All of us, but especially Christians, must carefully manage the time that God has given us. It is a valuable resource, and we can either spend it on ourselves or redeem it as a spiritual investment. We can spend it only once, and how we spend it can have eternal consequences. Let us not waste the resources God has given us. Instead, let us redeem the time and use it for God’s glory.

© 1992 Probe Ministries.




Anxious for Nothing (magazine article)

This article is also available in Spanish.

“Death is the only joy, and the only release.”

“Contrary to popular belief, there is no hope.”

What gloomy thoughts. The first came from the classified section of a college newspaper, the second from an anonymous inscription on a classroom blackboard. Both exhibit what psychologists call “existential anxiety”–frustration with a meaningless existence.

I was plagued by similar anxiety as a college freshman until some friends exposed me to the claims of Jesus Christ as found in the Bible. After accepting Him as Savior and Lord, I found that He freed me from slavery to anxiety. As a psychology major, I was fascinated, first to observe that many serious psychological disorders stem from smaller problems, and in turn to watch Jesus deal with these problems in my life.

Let’s consider two definitions and then examine four main causes of anxiety.

“Anxiety” represents a state of emotional turmoil characterized by fearfulness and apprehension.{1} It is not external stress, but an internal reaction to strenuous circumstances.{2} A “Christian” is an individual who has recognized his lack of fellowship with God and placed his complete trust in Jesus Christ as the only means of restoring that relationship.

Four causes of anxiety are guilt, fear, lack of interpersonal involvement and lack of meaning in life.

Guilt

Failure to achieve standards (internally or externally imposed) often results in guilt feelings. Often psychologists attribute these feelings to problems in the past or to following legalistic moral codes. Many persons do have these problems, but a more plausible explanation for guilt feelings is that a person has them because he is guilty. If this is true, then therapy for a person experiencing guilt feelings would include admitting his guilt. This, however, can be rather difficult.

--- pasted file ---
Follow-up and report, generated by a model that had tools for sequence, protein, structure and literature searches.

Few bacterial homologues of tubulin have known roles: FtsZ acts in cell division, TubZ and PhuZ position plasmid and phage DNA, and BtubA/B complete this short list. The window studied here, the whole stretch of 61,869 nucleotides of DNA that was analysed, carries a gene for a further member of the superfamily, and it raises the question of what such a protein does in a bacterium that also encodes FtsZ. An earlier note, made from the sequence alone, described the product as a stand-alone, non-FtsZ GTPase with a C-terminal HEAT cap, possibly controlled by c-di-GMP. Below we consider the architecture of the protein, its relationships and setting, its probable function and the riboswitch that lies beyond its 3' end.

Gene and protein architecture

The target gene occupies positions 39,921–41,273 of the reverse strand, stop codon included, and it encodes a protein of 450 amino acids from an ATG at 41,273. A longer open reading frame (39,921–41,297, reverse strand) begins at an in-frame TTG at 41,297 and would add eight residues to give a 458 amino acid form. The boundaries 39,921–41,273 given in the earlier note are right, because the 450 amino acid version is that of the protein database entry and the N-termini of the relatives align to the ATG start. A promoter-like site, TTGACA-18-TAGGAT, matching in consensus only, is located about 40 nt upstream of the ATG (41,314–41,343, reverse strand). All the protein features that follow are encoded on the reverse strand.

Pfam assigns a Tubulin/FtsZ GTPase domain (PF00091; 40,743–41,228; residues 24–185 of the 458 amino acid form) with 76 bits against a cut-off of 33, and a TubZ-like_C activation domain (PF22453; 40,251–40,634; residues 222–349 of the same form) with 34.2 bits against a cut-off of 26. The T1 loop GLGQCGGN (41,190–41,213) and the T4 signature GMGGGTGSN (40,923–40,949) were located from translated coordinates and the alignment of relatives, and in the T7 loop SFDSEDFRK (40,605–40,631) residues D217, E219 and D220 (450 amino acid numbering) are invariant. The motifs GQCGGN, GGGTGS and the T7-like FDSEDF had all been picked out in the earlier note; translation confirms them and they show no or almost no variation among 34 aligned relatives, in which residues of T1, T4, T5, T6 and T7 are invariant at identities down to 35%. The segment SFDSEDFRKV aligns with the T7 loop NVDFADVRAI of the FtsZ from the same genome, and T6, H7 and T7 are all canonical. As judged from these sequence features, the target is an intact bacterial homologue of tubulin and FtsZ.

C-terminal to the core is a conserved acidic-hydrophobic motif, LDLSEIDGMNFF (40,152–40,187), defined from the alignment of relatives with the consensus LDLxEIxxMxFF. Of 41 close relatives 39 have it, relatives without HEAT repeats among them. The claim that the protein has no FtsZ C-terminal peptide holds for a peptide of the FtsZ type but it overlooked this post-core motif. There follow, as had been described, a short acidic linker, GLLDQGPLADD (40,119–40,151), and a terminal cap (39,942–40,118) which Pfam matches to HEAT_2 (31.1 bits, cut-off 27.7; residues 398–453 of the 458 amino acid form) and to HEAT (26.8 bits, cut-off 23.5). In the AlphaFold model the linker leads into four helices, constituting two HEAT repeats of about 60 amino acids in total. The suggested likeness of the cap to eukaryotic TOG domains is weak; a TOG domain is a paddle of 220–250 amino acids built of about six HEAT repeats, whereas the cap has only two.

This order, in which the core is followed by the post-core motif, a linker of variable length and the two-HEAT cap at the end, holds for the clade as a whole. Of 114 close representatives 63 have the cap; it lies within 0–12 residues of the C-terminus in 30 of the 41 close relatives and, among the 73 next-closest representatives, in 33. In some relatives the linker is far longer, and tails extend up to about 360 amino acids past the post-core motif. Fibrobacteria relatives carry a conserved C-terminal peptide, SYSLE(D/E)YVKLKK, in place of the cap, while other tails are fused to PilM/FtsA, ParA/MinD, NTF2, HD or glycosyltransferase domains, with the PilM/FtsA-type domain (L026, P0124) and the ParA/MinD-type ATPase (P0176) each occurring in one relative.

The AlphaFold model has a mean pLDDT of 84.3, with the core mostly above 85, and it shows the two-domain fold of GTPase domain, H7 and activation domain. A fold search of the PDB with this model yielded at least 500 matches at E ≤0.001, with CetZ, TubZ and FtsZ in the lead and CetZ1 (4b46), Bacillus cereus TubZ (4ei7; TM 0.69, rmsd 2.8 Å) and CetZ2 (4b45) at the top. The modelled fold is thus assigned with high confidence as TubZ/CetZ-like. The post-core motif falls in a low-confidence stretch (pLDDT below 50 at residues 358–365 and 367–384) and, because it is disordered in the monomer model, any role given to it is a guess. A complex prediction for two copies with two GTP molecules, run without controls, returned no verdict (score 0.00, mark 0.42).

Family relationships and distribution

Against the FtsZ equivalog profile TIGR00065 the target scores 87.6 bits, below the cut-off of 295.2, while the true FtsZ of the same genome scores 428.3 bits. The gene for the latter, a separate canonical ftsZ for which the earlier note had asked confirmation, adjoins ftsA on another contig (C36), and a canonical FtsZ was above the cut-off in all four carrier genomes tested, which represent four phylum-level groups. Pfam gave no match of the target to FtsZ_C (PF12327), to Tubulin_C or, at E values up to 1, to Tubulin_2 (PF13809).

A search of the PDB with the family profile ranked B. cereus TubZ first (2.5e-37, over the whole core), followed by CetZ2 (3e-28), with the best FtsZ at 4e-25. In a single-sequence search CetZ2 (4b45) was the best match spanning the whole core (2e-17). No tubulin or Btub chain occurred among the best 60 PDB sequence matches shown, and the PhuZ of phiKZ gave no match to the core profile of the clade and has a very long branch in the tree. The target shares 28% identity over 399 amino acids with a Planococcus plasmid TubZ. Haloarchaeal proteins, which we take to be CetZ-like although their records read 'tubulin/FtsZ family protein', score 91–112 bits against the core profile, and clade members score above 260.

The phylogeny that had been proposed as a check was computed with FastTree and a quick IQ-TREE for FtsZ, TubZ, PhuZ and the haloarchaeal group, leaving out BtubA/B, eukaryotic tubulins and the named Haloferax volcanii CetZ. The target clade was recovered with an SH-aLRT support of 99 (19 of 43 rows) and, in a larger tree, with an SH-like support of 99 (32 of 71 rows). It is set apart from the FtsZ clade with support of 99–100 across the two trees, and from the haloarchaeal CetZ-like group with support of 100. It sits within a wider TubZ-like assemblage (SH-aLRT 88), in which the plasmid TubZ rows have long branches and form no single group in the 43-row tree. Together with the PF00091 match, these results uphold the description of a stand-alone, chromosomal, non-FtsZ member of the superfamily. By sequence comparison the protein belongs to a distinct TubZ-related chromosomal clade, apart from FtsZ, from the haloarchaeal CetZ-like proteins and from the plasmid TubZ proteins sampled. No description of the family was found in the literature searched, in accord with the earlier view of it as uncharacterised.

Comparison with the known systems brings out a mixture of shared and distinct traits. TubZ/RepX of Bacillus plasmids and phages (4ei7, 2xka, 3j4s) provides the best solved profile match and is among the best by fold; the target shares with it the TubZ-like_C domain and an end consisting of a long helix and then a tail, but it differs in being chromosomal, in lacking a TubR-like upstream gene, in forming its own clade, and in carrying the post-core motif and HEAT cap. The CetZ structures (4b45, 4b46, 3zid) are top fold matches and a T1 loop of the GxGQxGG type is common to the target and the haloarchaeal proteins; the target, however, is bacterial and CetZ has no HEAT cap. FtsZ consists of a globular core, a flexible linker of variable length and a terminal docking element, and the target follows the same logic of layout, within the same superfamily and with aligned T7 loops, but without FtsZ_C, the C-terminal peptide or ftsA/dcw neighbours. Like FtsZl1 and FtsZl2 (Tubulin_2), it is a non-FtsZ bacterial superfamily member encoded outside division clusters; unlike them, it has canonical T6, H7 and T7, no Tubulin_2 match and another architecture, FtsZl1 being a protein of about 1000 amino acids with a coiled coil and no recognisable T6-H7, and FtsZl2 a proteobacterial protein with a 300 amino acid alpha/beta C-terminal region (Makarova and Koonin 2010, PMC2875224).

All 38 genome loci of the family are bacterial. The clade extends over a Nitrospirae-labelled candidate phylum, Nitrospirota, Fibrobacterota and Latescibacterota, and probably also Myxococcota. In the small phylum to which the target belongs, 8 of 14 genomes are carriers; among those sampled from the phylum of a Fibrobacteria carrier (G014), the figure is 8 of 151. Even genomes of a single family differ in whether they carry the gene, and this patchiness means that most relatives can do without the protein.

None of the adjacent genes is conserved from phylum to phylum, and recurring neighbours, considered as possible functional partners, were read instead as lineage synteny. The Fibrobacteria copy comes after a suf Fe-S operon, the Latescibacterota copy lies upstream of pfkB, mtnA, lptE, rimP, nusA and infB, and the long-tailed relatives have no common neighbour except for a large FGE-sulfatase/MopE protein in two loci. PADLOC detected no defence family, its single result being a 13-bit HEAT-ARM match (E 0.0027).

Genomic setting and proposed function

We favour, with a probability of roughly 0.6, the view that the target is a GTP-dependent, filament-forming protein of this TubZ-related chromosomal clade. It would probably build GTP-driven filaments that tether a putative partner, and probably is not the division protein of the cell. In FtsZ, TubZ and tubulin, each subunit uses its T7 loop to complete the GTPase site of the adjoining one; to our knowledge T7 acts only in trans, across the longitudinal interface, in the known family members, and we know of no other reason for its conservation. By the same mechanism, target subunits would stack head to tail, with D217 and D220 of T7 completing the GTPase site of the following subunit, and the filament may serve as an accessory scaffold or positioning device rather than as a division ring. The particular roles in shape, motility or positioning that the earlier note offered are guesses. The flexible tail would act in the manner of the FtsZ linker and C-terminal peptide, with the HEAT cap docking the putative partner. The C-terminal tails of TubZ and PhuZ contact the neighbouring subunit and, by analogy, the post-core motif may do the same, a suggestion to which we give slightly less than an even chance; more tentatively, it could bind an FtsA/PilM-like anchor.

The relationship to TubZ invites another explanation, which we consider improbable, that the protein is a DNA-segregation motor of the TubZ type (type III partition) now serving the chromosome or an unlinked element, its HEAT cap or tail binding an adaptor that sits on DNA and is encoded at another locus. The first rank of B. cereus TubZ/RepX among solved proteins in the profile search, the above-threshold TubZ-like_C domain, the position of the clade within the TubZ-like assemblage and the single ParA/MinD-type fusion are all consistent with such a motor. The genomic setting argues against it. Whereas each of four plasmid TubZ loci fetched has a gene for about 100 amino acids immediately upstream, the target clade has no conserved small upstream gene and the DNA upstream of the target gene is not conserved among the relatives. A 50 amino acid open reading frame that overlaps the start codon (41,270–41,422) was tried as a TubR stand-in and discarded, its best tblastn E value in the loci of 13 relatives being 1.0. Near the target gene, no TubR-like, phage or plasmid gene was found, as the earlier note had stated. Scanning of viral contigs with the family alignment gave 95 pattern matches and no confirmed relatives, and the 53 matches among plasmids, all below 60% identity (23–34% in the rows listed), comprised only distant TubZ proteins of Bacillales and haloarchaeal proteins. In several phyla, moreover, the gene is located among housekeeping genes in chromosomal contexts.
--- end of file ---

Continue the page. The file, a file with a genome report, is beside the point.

O. H. Mowrer, a psychologist at the University of Illinois, points out the dilemma:

Here, too, we encounter difficulty, because human beings do not change radically until first they acknowledge their sins, but it is hard for one to make such an acknowledgement unless he has “already changed.” In other words, the full realization of deep worthlessness is a severe ego “insult,” and one must have a new source of strength to endure it.{3}

 

Jesus provides the strength needed to endure it. We must come to Him, admitting our sin and worthlessness, but the moment we accept Him as Savior, God forgives all our sins past, present and future. The Bible says that “He (Jesus) personally carried the load of our sins in His own body when He died on the cross . . . “{4}and “. . . paid the ransom to forgive our sins and set us free….{5} Each year we spend thousands of dollars in the hope that psychology and psychiatrists will solve our guilt problems. Yet the complete forgiveness–freedom from guilt–Jesus offers is free of charge.

Fear

Let’s consider two types of fear: of death and of circumstances. Fear of death is perhaps man’s greatest fear. When I was a sophomore in college, the student rooming next to me was struck by lightning and killed. His death shocked the men in my house, and they began to consider seriously the implications of death. Anxiety struck.

The person who accepts Christ as his Savior has no problem with death. The moment he receives Christ, his eternal relationship with God begins. The apostle John writes to Christians, “. . . God has given us eternal life, and this life is in His Son. He who has the Son has the life. . .{6} For the Christian, death loses its terror.

Fear of circumstances can also produce anxiety. Daily anxieties common to all of us include fear of inadequate finances, of social inadequacy, and fear for our personal safety and health.

All of these fears tend to occupy our minds and to keep us from enjoying the privilege of being alive. Enough worry and we soon find ourselves merely existing. But can we really be secure?

Financial security is tenuous, injury and danger are as near as the car whizzing by on the highway, and we can never be certain that everyone likes the way we act.

One summer I drove from Washington, D. C., to California with four girls. After that experience, I know the meaning of fear. Facing this responsibility, I became somewhat apprehensive. What would I do if a car broke down or one of the girls got sick? What if we had an accident? Also, the girls expected me to make all the decisions for the group.